AUGUSTA, GA. -- A foggy morning has turned more ominous when a thunderstorm rolled through the area, forced Masters officials to close Augusta National to practice and patrons at 10 a.m. and eventually call play for the day just after noon. There was, however, a window earlier to scout things out as Masters week begins. Normally there is not much to see, but with the recent ice storm and the club’s well-known tendency to not acknowledge the negative, there have been questions about just how much damage Augusta National sustained.
A few impressions:
* The description of “shredded” by a few players regarding the damage the March storm to the course may have been appropriate a few weeks ago when certain trees had not begun to sprout leaves. In general, the place still is as beautiful as ever, just with a more airy feel on several holes and even a few vistas that accentuate the grand scale of the property again.
* The only obvious sign of the demise of the Eisenhower Tree on the 17th hole comes in the form of a faint sod line where turf has replaced the loblolly pine needles of yesteryear. The story from the tee is different
* The 17th tee shot looks, well, better. I know, blasphemy. But Ike’s Tree had grown so large that when combined with all of the recent plantings, it gave the impression there was no place to hit a drive. Without the 65-foot tall tree, new strategic elements may have been introduced. The landing area tightens considerably at 300 yards, a product of mid-2000s tree planting. This is where most of the field will land a drive, but without Ike’s Tree, there may be a wiser option for some to lay back to a wider landing area “only” 280 yards off the tee. This route, however, leaves a semi-blind second shot to a fascinating green where there is a huge advantage to seeing what you are playing to. In other words, the tree’s absence creates just the kind of tactical dilemma Bobby Jones and Alister MacKenzie loved.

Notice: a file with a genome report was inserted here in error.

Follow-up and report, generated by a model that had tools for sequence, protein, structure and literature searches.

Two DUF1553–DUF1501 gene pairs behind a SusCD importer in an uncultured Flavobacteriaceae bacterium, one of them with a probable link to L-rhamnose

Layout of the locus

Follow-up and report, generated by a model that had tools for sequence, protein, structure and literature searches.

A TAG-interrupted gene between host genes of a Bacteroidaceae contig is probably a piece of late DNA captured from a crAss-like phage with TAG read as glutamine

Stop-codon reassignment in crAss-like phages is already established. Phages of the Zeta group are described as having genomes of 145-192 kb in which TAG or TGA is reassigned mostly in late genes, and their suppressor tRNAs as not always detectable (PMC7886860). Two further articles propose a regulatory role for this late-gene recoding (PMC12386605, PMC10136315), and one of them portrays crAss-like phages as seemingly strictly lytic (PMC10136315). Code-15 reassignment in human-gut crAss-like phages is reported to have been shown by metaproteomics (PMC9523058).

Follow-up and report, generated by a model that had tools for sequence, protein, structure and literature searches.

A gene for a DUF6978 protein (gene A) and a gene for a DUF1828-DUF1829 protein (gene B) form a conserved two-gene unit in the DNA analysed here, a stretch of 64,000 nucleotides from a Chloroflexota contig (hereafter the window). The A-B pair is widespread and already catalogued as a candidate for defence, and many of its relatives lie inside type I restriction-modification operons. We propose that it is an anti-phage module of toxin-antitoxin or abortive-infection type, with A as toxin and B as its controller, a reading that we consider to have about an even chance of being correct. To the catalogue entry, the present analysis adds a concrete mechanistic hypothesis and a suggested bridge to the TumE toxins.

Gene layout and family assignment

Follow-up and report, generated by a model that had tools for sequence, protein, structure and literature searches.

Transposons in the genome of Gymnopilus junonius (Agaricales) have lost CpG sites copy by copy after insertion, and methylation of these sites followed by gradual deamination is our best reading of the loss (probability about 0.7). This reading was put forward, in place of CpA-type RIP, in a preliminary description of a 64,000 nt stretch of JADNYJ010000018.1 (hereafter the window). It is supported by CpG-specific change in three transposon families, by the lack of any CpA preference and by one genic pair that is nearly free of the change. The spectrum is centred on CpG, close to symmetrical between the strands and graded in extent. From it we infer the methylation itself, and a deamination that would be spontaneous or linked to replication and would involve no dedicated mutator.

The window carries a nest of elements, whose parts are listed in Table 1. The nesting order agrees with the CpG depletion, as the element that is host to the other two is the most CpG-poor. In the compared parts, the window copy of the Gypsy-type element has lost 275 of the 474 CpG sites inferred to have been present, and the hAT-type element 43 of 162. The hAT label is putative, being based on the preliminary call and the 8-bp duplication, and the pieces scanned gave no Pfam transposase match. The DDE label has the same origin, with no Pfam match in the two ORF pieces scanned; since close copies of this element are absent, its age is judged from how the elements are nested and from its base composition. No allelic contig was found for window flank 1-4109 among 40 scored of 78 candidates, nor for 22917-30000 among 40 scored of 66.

* The hill to the rear of the 12th green continues to have less and less of the ivy-like undergrowth that led to some high-profile lost balls over the years, including Greg Norman’s infamous lost ball in 1999. Whether this is the result of a storm damage or an intentional effort to reduce an excessive penalty for a shot caught in the 12th hole’s swirling winds, only the club would know. It’s not as if a shot ending up on the pine scrub is suddenly an easier recovery. Some might even say a lost ball was a blessing.
* The seventh hole was lengthened and narrowed most recently in 2006. Since then the seemingly excessive tightening of this once short par 4 has been overkill, but with this winter’s storm having damaged many branches and trees, the landing area feels more airy. I can’t be sure anything was taken out and while it’s certainly still excessively narrow, the hole feels a little less penal this year. Still too long and cluttered with pines that conflict with Jones' design philosophy, but better.
* The azaleas are blooming! It won’t be an all-time year, but the place should look pretty swell by the weekend. But for now, we’re hunkering down and hoping the storms don’t do much damage.